|WCSI Local News|
The official state position that repeated system outages during the most recent ISTEP testing had no measurable negative effects is not sitting well with local school superintendents. Our earlier reports concentrated on schools in Bartholomew County. We now turn our attention south.
Jennings County Schools Superintendent Dr. Terry Sargent says that 936 of approximately 4,800 students in his district were affected by the outages. Most were third, fourth and fifth graders. He says that any person taking an important test that is disconnected through no fault of their own would be affected, including adults. Sargent adds that educators know that children can be easily distracted.
"Anyone who has worked in education and has worked in student assessment...knows that if the student is doing that assessment on a computer and it freezes up on them or it kicks them off, that is going to disrupt them mentally," Sargent said. He went on to say that any person taking an important test that is disconnected through no fault of their own would be affected, including adults.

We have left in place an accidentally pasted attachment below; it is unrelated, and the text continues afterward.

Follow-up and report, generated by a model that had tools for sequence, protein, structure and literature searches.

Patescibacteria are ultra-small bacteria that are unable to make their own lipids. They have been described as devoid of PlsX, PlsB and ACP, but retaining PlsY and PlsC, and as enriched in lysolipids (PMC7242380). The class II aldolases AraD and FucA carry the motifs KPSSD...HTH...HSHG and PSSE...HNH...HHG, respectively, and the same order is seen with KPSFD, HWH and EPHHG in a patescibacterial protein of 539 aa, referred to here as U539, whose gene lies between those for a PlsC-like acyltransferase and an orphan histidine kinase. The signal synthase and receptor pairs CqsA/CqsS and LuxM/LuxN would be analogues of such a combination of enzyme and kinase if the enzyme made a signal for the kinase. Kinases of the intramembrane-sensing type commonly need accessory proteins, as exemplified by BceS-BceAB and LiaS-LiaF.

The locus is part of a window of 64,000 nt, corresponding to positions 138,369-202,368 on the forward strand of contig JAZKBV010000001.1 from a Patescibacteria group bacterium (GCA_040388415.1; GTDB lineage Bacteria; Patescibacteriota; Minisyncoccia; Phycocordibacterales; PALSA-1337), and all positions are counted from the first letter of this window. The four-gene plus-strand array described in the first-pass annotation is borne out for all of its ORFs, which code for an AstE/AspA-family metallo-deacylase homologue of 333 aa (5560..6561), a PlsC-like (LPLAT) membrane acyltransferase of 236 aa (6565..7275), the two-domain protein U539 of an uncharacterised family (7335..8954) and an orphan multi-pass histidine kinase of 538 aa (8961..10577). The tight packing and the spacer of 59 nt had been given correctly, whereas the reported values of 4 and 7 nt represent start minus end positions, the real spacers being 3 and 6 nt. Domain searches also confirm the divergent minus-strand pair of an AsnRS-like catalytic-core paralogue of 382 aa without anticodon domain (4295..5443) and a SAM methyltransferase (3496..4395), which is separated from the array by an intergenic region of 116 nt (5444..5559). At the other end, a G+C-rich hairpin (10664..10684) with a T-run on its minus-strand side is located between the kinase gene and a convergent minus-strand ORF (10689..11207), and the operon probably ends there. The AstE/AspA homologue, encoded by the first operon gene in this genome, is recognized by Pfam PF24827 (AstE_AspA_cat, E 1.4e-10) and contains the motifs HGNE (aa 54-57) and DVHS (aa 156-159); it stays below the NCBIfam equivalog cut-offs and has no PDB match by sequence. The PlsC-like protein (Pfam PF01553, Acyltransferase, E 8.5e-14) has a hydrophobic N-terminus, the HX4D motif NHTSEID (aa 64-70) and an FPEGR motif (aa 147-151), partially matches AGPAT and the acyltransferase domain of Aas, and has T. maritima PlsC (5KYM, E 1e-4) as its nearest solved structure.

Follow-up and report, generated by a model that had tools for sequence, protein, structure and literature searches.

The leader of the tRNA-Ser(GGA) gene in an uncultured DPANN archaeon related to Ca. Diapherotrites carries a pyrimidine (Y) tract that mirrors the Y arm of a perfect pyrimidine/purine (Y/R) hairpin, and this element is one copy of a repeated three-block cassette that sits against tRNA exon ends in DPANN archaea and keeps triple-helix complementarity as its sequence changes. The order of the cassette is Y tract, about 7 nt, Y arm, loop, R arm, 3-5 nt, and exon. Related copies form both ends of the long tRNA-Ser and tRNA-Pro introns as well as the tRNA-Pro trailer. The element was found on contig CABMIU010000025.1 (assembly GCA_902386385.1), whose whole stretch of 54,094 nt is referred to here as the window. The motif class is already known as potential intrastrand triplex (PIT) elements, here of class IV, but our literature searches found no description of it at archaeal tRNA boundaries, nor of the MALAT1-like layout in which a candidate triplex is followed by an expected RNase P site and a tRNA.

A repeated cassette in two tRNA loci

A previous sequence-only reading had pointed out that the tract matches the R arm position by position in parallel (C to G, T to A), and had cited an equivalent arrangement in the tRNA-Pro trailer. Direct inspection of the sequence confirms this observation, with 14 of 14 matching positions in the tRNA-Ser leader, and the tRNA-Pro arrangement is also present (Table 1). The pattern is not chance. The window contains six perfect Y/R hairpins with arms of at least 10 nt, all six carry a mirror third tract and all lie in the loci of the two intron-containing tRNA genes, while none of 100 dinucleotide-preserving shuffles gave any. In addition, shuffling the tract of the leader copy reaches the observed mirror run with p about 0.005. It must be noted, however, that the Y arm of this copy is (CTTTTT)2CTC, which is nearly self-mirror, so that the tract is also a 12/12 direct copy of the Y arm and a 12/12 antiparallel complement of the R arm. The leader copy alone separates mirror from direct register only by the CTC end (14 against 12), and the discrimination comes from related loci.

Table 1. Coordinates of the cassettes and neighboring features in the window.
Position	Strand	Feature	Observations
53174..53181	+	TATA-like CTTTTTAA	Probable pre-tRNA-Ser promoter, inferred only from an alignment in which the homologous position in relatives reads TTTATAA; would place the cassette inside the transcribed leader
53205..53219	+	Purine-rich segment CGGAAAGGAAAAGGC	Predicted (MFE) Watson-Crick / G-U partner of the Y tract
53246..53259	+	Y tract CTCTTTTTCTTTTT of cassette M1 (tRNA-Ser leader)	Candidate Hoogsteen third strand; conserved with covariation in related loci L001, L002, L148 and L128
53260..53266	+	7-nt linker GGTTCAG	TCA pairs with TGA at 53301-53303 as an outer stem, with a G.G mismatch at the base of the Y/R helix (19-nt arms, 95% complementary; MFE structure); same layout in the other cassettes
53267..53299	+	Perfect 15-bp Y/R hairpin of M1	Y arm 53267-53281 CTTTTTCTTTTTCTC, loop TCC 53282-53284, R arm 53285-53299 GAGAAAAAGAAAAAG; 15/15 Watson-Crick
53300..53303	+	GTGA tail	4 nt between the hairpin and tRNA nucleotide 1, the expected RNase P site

Sargent says he agrees with many of his colleagues who are pointing the finger at the state's vendor, McGraw-Hill. He says Jennings County Schools went above and beyond in preparedness and that it still wasn't enough to protect student testing and data.
"We were prepared for this to happen," Sargent said.
He says the district had been battling issues like these for years, with last year being particularly bad. Even though the state and the vendor assured school districts statewide that there would be no major problems, Sargend said "we set up every kind of device that we possibly could from our end, but the problems were on their (McGraw Hill's) end, so we didn't have any control over it."
Dr. Sargent went on to opine that the issues with McGraw-Hill may be bigger than anyone realizes. While citing the figures school administrators gathered related to the ISTEP outages, he added that the vendor's figures were off significantly from what the district collected.
Sargent says McGraw-Hill's data indicated that around 20 percent fewer students were affected than what actually were. He also noted that names and grades did not match up and that students were listed as being disrupted taking tests that they did not take.
"We believe that the McGraw-Hill list of our students who were disrupted is very inaccurate," Sargent said.
Last Updated: Friday, August 02, 2013 7:28:35 AM
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